On this score, the dominant strains both of American Christianity and what the political scientists call “civil religion” are at one.
In the rhetoric of recent days, several faux pas in our choice of language have threatened to deconstruct the tidy compartmentalizing of good vs. evil and freedom vs. tyranny. Take, for example, the president’s comment that in fighting terrorism we had launched a “crusade.” Then there was “Infinite Justice,” the original name for the military operation in Afghanistan. In both cases, the dark side of Western progressivism—the hubris of cultural imperialism—briefly reared its head. For millions of people on this planet, the word crusade is freighted with historical meaning and infinite justice is an attribute of God alone. To many of them, what we think of as freedom looks a lot more like tyranny.
No act of evil, however heinous, can be completely wrenched from its cultural and psychic context: that is the lesson of historical consciousness. To condemn the act without exploring the context is a form of denial, not moral strength. That our actions must always arise out of mixed motives and bring about evil as well as good: that is the teaching of the tragic sense of life.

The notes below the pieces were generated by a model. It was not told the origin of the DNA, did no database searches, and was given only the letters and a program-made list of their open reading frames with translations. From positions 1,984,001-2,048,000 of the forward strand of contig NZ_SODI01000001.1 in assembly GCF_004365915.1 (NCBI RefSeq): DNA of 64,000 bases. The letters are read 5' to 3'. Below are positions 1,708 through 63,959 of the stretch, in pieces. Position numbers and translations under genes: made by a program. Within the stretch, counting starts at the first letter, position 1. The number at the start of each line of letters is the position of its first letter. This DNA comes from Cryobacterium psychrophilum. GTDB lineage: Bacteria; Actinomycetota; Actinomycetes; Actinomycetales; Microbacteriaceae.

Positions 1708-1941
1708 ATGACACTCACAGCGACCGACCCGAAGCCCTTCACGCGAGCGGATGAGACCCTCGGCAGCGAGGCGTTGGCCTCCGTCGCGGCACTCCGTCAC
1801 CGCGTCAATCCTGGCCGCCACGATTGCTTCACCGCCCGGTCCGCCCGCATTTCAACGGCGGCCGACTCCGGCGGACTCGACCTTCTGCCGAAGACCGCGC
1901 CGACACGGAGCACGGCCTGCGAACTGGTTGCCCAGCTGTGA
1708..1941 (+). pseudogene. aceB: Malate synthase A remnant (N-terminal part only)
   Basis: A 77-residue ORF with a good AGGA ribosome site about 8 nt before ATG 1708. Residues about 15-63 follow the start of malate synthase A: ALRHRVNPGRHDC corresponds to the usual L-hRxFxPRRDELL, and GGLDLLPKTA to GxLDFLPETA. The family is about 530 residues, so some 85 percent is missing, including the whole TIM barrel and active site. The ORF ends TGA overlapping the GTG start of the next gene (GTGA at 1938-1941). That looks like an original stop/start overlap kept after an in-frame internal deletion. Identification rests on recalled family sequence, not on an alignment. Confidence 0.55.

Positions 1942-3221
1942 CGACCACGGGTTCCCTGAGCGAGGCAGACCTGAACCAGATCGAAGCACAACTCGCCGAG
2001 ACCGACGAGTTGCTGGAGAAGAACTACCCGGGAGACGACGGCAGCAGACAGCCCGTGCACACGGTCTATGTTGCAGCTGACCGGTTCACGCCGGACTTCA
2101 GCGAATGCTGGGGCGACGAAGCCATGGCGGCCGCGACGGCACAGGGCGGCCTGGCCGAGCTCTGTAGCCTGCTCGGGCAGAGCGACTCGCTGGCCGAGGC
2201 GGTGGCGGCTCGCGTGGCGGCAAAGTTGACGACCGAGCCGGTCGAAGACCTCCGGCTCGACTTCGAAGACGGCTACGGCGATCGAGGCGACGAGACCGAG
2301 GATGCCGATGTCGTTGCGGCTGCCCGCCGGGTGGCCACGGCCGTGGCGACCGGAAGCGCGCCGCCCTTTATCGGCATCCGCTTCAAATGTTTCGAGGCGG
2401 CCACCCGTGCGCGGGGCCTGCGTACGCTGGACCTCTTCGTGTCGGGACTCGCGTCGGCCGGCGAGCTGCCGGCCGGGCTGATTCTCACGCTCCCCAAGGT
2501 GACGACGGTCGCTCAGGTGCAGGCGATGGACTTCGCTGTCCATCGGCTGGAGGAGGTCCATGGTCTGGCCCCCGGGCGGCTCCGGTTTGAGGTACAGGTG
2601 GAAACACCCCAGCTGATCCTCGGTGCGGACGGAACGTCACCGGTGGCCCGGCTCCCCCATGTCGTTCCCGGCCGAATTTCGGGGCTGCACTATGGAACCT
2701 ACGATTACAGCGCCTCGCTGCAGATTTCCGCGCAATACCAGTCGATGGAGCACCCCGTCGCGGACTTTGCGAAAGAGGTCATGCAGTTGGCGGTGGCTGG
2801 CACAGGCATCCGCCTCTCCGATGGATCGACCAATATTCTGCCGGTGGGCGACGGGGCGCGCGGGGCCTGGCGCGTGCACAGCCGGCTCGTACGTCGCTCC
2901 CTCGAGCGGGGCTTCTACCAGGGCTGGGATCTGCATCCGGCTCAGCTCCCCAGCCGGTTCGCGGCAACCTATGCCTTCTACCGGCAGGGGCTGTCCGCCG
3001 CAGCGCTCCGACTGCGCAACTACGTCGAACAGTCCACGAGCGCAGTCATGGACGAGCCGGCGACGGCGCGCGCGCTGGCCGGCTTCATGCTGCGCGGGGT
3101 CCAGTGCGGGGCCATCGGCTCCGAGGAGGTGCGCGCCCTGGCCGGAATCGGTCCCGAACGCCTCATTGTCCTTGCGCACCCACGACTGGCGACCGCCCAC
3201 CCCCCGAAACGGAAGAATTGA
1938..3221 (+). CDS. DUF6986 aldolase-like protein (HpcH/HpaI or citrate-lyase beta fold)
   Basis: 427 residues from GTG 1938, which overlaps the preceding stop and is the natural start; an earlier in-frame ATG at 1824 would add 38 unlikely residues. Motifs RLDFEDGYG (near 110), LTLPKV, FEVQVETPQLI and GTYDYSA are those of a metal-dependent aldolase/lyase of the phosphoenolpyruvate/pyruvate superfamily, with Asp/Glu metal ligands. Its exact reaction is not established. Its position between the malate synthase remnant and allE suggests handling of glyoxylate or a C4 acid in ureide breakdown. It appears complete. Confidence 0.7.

T.S. Eliot had come to understand this by the time he wrote Four Quartets. Though he had embraced Christian faith and the Western tradition, Eliot had come to believe that the very genius of that tradition was its awareness of the ambiguity of human actions. In Four Quartets, most of which was written during the Second World War, Eliot provided solace for a generation, but he did so by stressing the need for humility, not triumphalistic national pride. In these lines he explored the paradox that action and suffering are inextricably linked. “Every phrase and every sentence is an end and a beginning, / Every poem an epitaph. And any action / is a step to the block, down the sea’s throat / Or to an illegible stone….”
In the aftermath of September 11, some have called for an end to irony, and others have stressed our need for comedy. But the urgent need of the moment is a deeper embrace of tragedy. Some of America’s greatest Christian writers, from Nathaniel Hawthorne to Eliot, Flannery O’Connor, and Walker Percy, have been accused of turning their backs on our national genius in favor of a dark and derivative European vision. But in their historical sensibility and their belief that grace is most often found through suffering, these writers constitute what is best in the American tradition. In this time of grief and anger, these writers—the true underdogs of America literary culture—offer us the surest guidance to prudent action and to healing.
The Image archive is supported in part by an award from the National Endowment for the Arts.